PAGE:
Kim Thomas receives one of hundreds hugs during the Empty Shoes event on June 14 at the Mitford Park while people stop to reflect, pray and mourn. In all there were 1,875 shoes lined in rows in front of the park’s stage. Fifty-four photos, sent to Thomas by families who lost a loved ones to drunken drivers, were displayed on stakes throughout the field, many with messages on the back. The access shoes received from across Canada and the US were heaped in piles with signs reading “Whose Next?”

Empty shoes and broken hearts that could have been prevented.

That was the message the thousands of shoes and pictures of loved ones left upon  those attending the Empty Shoes event at Mitford Park, June 14. For organizer Kim Thomas it gave people a visual of the devastating impact of impaired driving.

“The empty shoes created a visual awareness of just how serious this issue is,” she explained. “Many of the people here are in tears or are shaking their heads as they walked through the rows of shoes.”

Earlier she addressed the crowd.

“Every one of these pairs of shoes you see laying here before you represents a son, a daughter, a mother, a father a sister, a brother, an uncle, an aunt, a husband, a wife, a grandparent, a grandchild, a cousin, a best friend, a co-worker, or a neighbour someone’s life lost because of an impaired driver,” Thomas said.

“Every one of these pairs of shoes represents someone who had the right to their life, and who should still be here alive today. Every one of these deaths was preventable.”

Thomas told the crowd four to six Canadians are killed by an impaired driver every day and 190 are injured. The cost to taxpayers in 2011 was $84.4 billion dollars in related expenses

Response to the Empty Shoes campaign was wide spread. Within days of using social media and an announcement on Kijiji, the shoes started trickling in and it wasn’t long before there was a steady stream arrived at her doorstep each day. The shoes came from across Canada and the US.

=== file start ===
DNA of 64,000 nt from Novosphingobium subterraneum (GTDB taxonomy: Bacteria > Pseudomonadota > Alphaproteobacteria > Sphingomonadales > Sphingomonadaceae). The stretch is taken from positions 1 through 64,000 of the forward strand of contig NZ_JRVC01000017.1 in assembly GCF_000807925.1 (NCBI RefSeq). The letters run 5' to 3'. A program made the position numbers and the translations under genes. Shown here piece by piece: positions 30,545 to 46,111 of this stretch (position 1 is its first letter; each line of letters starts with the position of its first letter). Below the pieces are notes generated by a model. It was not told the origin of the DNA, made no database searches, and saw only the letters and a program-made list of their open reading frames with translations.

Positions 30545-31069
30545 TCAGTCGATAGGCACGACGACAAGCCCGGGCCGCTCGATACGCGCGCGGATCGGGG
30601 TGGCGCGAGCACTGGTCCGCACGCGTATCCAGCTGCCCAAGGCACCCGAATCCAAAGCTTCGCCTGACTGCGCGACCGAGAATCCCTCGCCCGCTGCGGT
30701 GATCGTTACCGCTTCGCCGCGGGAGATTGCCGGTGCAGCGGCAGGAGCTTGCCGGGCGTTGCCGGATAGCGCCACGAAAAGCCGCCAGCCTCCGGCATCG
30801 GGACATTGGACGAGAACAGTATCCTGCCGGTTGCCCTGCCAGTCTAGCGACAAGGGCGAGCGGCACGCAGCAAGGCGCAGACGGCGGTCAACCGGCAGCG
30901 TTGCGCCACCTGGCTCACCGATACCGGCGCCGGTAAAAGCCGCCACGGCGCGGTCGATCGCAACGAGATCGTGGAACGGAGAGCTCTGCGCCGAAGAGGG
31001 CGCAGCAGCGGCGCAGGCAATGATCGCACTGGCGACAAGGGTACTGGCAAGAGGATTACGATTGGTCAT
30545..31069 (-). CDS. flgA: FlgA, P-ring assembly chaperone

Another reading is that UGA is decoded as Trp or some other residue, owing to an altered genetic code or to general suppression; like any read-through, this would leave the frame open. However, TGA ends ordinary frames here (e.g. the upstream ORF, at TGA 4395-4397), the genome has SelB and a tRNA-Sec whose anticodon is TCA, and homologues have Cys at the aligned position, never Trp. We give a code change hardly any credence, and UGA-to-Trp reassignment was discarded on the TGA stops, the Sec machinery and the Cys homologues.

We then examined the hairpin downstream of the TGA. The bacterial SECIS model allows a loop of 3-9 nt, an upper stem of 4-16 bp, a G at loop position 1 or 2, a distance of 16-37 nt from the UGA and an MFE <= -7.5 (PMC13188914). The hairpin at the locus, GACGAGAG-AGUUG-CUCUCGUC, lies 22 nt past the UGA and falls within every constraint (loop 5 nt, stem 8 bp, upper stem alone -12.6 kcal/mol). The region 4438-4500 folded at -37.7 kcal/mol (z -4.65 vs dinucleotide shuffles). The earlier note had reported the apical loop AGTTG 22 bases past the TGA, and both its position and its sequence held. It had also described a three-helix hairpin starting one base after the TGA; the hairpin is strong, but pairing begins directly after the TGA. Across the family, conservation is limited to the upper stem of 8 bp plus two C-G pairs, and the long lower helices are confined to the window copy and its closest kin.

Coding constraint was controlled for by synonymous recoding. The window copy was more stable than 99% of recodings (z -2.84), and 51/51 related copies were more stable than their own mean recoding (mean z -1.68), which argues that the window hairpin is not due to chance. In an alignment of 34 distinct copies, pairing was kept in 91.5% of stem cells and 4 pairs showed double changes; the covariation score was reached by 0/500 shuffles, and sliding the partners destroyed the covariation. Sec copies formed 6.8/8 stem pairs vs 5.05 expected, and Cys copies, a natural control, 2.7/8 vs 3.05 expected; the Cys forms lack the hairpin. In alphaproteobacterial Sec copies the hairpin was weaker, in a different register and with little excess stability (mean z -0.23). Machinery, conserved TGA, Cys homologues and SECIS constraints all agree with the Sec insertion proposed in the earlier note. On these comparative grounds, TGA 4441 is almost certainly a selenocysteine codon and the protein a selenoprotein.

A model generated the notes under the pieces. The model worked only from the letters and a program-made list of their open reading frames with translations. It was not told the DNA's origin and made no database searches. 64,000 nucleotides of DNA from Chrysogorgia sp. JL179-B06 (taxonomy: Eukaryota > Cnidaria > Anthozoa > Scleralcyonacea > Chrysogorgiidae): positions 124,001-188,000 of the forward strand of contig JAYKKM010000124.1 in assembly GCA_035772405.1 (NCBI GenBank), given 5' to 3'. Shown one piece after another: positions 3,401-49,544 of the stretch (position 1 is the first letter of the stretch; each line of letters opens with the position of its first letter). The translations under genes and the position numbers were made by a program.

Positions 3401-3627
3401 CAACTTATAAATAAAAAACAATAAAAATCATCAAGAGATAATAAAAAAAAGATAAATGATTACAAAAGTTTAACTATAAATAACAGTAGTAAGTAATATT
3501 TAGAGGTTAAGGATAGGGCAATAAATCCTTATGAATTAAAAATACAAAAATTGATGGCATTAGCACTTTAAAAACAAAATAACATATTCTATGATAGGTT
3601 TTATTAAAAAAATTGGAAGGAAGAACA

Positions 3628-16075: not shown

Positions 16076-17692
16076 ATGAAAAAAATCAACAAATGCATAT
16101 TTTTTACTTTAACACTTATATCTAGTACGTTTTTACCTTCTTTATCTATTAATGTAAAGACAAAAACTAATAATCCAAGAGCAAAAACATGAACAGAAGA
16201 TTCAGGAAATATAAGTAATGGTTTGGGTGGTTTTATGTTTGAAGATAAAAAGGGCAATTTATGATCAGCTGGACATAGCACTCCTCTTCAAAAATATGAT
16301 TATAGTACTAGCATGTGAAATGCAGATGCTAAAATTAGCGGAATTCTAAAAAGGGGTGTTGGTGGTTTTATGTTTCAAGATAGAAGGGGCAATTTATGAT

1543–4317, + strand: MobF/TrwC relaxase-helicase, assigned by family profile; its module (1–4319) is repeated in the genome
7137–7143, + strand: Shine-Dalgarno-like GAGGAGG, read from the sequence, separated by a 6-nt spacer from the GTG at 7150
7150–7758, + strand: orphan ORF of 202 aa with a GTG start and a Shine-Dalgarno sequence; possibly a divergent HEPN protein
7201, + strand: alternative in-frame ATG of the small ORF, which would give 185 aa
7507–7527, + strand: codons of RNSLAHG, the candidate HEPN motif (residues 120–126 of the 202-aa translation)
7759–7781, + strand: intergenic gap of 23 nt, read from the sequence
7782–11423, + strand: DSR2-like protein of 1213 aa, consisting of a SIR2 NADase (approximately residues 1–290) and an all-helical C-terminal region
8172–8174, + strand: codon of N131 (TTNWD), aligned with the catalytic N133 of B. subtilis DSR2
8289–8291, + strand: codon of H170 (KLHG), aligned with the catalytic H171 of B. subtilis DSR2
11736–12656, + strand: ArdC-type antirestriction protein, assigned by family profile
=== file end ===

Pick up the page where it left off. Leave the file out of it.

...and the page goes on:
On June 12, Ken Chester delivered a truckload of shoes from the people of Prince Albert, SK, where Front Runner Footwear took up the cause that was also joined by the community’s Value Village. Northern Resource Trucking donated the vehicle and Chester made the 1,540 km round trip. A hug was thanks enough he told Kim and her daughter Kayla.

The 1,875 shoes, one pair for each Canadian killed by an impaired driver each year, were displayed in rows and among them were 54 photographs of victims of impaired drivers sent to Thomas. Many had personal notes on the back. Hundreds of other pairs were heaped in piles with signs reading “Whose Next?”

Family and friends of Francis Pesa gathered at Empty Shoes, wearing t-shirts with a likeness of Francis on the front. The 20-year-old succumbed to injuries on Jan. 6, 2014 after being hit by an alleged impaired driver in Calgary on New Year’s Day and the family seeks justice.

Hervin Pesa, brother of Francis, was among the speakers at Empty Shoes and he encouraged people to get behind the cause. He pointed out every step you take along the line of shoes represents the death of five people daily.

“Five people are dying step you take,” said Pesa. “That’s the experience people should realize, not just the visual but everyday as we move forward five people aren’t coming back home. They’re not going to be able to hug their parents, their family members, they’re not going to be there for the people who need them the most and hopefully the people who are here to experience it share it and support us further.”

Town councillor Morgan Nagel, whose sister is a friend of Brandon Thomas, said the death really hit home with the people of Cochrane. He was impressed with how this determined grassroots effort has brought attention to the cause.
“The truth is, government organizers or RCMP or anything else can’t truly fix the problem,” said Nagel. “The real answer lies with all of you and I… we have to insist to that we will never drink or drive and that we will never let our friend and families drink and drive. We need to put our foot down on the issue.”

Adam Loria, a public education officer/EMT for Alberta Health Services, also spoke. He said these tragic deaths are hard on emergency personnel, too.

“What hits home with us is seeing all those loved ones and knowing that they’re so many options out there than drinking and driving,” said Loria. “It’s tough not to shed a tear when I walked in among all these shoes here and it surely hits home.”

There may have been a few hundred at the event, but Empty Shoes itself drew attention across Canada through different mediums. Heather Thompson, who helped with the marketing, said the Kijiji community announcement received 67,460 views.

Signatures were collected for a petition by the group Families for Justice that calls for a minimum five year sentence for people convicted of impaired driving causing death.

Source: Cochrane Times



Last updated on: 2014-07-09 | Link to this post